The most lasting achievement of Saville's Factory sleeves is that they prompted a generation to regard graphic design, for perhaps the first time, as an activity worthy of the same respect accorded to the music. Prior to Saville, it might be guessed that music fans responded to the sensationalism of sleeve design: post-Saville this was to change. Graphic design ceased to become an invisible art: it became cool; 'typography became cool. white space became cool; pictorial restraint became cool. And it is surely no exaggeration to suggest that Saville almost single-handedly inspired a generation of wan youths, eager to acquire his eloquent powers of expression and clutching copies of Joy Division's Closer (Factory, 1980) and New Order's Power, Corruption & Lies (Factory, 1983), to fill up the art schools of Britain.

Saville still produces sleeve designs of breathtaking assurance. He surrounds himself - much as Hipgnosis did before him - with the best photographers, digital retouchers and technicians, yet his work continues to display his unique louche genius and keen visual intelligence. Saville's work has always attracted the art world, quick to recognize that his inspired appropriation of imagery was akin to techniques used by artists working in the more rarified world of fine art. Yet, such is the level of craft, especially typographic craft, which Saville brings to his work, he also appeals strongly to the traditionalists of graphic design. Indeed to such a degree that he was invited in the early nineties to join Pentagram, the venerable British design company founded in the sixties, and still today retaining a romantic aura of typographic craft and traditional design practices. The liaison did not work and Saville returned to being his own master: the Peter Pan of sleeve design, he remains perennially fresh and on the beat.

Elsewhere another trend was emerging. On both sides of the Atlantic, music and fashion embraced with an intensity not seen before, and eighties sleeves revealed the cosmetic alchemy of the stylist, the make-up artist and the hairdresser. Fashion photographers Herb Ritts, Annie Leibovitz and Steven Meisel, switched effortlessly from the pages of Vogue to the album covers of Madonna and Cyndi Lauper, although perhaps the era is best defined by the partnership of photographer Jean-Paul Goude and singer Grace Jones a potent melding of rock chic with the catwalk. The record companies pushed this trend in sleeve design with particular gusto in order to capitalize on the plethora of media outlets that opened up during the eighties - the glossy magazines and the arrival of MTV. And in due course the all-pervading pop video - the sine qua non of eighties record companies - came to supplant the album cover as the most important visual platform for the record industry.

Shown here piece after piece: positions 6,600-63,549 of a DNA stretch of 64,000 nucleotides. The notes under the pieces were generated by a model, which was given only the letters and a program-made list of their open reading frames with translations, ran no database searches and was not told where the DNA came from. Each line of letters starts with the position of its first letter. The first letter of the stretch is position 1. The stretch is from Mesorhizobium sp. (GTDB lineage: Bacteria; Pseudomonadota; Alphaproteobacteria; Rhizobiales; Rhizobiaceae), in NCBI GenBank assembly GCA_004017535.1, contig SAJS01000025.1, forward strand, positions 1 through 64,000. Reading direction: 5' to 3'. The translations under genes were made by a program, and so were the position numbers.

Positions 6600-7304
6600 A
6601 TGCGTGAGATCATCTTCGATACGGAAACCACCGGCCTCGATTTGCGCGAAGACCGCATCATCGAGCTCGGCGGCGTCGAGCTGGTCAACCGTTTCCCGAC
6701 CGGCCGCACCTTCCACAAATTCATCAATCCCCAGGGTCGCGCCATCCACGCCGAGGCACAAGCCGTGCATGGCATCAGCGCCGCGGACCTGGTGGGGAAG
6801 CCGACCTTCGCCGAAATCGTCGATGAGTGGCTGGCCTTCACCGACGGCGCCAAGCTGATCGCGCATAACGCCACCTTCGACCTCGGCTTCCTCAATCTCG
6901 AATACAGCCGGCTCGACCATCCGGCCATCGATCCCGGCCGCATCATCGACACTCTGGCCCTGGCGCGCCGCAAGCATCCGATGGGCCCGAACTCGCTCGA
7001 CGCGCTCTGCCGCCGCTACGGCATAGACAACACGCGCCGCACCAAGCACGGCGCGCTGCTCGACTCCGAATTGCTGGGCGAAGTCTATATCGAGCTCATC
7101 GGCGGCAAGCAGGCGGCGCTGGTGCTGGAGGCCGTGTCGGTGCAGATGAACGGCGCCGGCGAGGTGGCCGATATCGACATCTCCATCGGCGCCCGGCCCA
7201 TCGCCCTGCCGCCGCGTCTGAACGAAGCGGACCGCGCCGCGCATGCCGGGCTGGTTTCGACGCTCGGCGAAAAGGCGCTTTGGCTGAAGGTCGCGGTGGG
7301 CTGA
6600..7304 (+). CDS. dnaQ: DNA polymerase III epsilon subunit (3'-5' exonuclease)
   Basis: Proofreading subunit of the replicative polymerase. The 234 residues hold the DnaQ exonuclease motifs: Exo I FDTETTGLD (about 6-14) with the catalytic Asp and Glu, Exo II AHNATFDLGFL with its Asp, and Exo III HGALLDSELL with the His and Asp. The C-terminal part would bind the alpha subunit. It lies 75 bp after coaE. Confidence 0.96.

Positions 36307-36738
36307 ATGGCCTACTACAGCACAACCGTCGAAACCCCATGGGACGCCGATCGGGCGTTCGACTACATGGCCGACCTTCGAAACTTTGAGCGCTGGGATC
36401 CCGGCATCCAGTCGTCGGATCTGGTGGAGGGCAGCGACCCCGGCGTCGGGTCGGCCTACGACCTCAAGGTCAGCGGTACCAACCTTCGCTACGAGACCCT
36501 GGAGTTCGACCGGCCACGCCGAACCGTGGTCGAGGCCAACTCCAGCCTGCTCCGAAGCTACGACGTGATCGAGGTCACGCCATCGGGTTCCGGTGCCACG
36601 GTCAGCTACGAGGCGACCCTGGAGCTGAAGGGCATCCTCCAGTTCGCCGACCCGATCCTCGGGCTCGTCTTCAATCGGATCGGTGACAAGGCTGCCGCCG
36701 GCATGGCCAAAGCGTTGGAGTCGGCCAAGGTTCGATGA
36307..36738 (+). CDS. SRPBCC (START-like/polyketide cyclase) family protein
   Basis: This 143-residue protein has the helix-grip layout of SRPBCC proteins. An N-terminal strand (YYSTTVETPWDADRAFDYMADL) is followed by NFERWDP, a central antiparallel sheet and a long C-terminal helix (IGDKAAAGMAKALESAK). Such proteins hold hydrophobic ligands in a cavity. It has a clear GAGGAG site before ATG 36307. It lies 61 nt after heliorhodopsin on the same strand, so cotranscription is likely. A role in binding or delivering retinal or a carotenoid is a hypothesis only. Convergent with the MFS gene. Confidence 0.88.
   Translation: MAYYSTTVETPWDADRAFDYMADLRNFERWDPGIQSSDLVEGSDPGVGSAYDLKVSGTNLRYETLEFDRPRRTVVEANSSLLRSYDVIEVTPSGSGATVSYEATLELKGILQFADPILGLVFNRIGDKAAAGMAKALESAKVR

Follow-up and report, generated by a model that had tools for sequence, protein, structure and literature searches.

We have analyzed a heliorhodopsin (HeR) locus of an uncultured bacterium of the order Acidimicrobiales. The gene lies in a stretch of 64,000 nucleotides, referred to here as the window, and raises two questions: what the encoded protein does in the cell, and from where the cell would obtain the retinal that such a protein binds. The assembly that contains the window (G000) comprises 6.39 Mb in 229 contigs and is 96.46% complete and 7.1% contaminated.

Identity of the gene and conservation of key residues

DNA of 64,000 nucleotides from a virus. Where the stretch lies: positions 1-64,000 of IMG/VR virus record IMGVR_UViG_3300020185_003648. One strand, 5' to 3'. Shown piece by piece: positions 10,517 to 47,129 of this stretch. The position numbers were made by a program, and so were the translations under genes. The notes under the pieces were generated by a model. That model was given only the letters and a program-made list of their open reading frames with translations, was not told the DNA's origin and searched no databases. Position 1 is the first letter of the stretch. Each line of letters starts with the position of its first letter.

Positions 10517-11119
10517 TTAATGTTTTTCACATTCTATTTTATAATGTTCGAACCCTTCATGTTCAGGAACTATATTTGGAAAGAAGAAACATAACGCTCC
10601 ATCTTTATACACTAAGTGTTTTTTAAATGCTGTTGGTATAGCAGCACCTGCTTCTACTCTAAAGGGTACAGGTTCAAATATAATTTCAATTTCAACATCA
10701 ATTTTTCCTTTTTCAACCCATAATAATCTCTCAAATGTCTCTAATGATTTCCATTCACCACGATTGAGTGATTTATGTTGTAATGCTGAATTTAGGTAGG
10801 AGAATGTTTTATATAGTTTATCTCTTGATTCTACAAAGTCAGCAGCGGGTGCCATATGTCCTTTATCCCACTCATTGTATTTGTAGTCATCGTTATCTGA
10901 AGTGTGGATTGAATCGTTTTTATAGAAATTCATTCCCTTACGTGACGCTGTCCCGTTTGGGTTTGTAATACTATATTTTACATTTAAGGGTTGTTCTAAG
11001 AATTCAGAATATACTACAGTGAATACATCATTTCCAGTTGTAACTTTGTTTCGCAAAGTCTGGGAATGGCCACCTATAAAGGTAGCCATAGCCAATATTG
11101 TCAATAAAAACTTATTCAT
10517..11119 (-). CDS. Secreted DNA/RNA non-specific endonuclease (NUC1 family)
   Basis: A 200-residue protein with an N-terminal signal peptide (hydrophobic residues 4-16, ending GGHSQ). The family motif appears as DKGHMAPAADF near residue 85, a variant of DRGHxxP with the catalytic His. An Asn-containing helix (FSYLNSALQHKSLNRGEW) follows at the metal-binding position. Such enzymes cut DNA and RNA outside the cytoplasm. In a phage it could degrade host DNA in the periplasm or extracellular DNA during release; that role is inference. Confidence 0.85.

Before the end of the decade, another figure emerged who was to make an important contribution to the subject. Mark Farrow's sleeve designs for the Pet Shop Boys ushered in an era of refinement and minimalism somewhat at odds with the prevailing design trends of the time. Farrow was assisted in his pursuit of graphic purity by the Pet Shop Boys themselves, who in common with a new generation of savvy musicians and managers, insisted on clauses in their contracts which gave them control over the design of their sleeves. It is a development that has almost single handedly prevented sleeve design from atrophying, and while it cannot be said to always guarantee brilliant design, it at least allows for distinctive and rebellious sleeve art to bubble to the surface. Although there are numerous examples of fruitful partnerships between designers and musicians - Me Company and Bjork; Stylo Rouge and their early work for Blur - nowhere is this alliance of disciplines better illustrated than in the prolific relationship between Mark Farrow and the Pet Shop Boys.

Farrow remains a potent and influential force in the nineties. His beguiling parody of medicine packaging for Ladies and Gentleman We Are Floating in Space by Spiritualized (Dedicated, 1997) represents a return to the days of grandiose packaging not seen since the pre-punk era. But Farrow represents only one strand of design thinking in the pluralistic nineties. As we have seen, the new hard line adopted by the record industry stands in marked contrast to their previously sympathetic approach, and as we have also seen, the sleeve designers of the past two or three decades operated in an atmosphere of encouragement and acceptance, very different from the conditions that pertain today. Yet if we examine the microclimate in which intelligent sleeve design currently exists it is clear that it is refusing to die. Despite the loss of the vinyl sleeve, despite the rise of the music video, despite the record companies' reliance on Spice Girls-type disposability, and despite the uncertainty coursing through the industry, sleeve design remains alive and oddly vibrant.